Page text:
Glasgow Caledonian University renames building after Annie Lennox

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Anne Lennox outside Glasgow Caledonian UniversityImage source, Glasgow Caledonian University
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Annie Lennox will attend the university over the next two days to present degrees to graduates.

Glasgow Caledonian University has renamed a building on its campus after singer and activist Annie Lennox.

The former Eurythmics star, who became the university's first female chancellor in 2018, said it was an "incredible honour".

GCU principal Prof Pamela Gillies said renaming the building was in recognition of everything she had done for the university and its students.

Ms Lennox will attend three graduation ceremonies over the next two days.

The 67-year-old singer-songwriter grew up in Aberdeen before achieving pop success in the late 1970s with the Tourists.

She and fellow musician Dave Stewart went on to achieve international stardom in the 1980s as Eurythmics, with hits such as "Sweet Dreams (Are Made of This)" and "There Must Be an Angel (Playing with My Heart)".

As well as a successful solo career, Ms Lennox made her name as an activist and humanitarian campaigner.

She has been a supporter of gender equality and climate action and took part in an online debate during COP26.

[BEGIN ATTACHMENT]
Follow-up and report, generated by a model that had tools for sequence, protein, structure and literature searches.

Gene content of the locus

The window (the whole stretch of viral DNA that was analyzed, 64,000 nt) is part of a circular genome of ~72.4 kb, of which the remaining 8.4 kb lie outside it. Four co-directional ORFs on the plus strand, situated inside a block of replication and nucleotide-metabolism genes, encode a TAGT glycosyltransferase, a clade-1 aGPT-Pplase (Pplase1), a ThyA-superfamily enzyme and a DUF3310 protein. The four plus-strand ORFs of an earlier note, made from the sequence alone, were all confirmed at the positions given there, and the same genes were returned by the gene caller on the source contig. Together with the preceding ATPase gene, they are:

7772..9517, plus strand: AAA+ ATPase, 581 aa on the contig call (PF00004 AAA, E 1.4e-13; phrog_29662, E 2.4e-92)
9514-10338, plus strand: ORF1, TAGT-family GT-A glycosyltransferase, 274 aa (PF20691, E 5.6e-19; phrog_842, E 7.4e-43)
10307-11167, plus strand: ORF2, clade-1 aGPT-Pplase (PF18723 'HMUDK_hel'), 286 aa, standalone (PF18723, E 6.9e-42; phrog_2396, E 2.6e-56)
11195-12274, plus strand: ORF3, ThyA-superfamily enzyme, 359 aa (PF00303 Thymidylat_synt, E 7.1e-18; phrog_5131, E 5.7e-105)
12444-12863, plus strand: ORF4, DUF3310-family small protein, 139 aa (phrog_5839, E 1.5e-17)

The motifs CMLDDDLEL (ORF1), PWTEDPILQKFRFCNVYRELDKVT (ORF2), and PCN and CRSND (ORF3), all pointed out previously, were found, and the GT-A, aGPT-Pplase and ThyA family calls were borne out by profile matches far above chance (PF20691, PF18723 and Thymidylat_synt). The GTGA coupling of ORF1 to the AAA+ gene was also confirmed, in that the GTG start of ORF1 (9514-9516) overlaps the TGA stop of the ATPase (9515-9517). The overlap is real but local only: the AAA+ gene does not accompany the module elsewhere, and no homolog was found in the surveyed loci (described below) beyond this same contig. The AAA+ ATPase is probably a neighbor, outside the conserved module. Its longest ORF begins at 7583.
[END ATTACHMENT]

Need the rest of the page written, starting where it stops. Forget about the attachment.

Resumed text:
Her role as the Glasgow Caledonian's chancellor involves formal and ceremonial duties, such as conferring degrees on students and supporting in its social justice aims.

Ms Lennox said: "It's an incredible honour to have such a wonderful building on the Glasgow Caledonian University campus named after me.

"I'm looking forwards to taking part in GCU's graduation ceremonies this week in person, after the last two years, when the only way we could connect was via Zoom.

"I'm so proud of all the graduates, who've coped brilliantly with all the extra challenges, to finally succeed in reaching their goals and achievements."

Prof Gillies said: "Glasgow Caledonian University is extremely fortunate to have Dr Lennox as its Chancellor.

"Her passion, wisdom, guidance and support for our community, especially through the recent challenges of the pandemic, have been transformative."

The building was formerly known as the Hamish Wood building, after a former professor at the university, who died in 2009.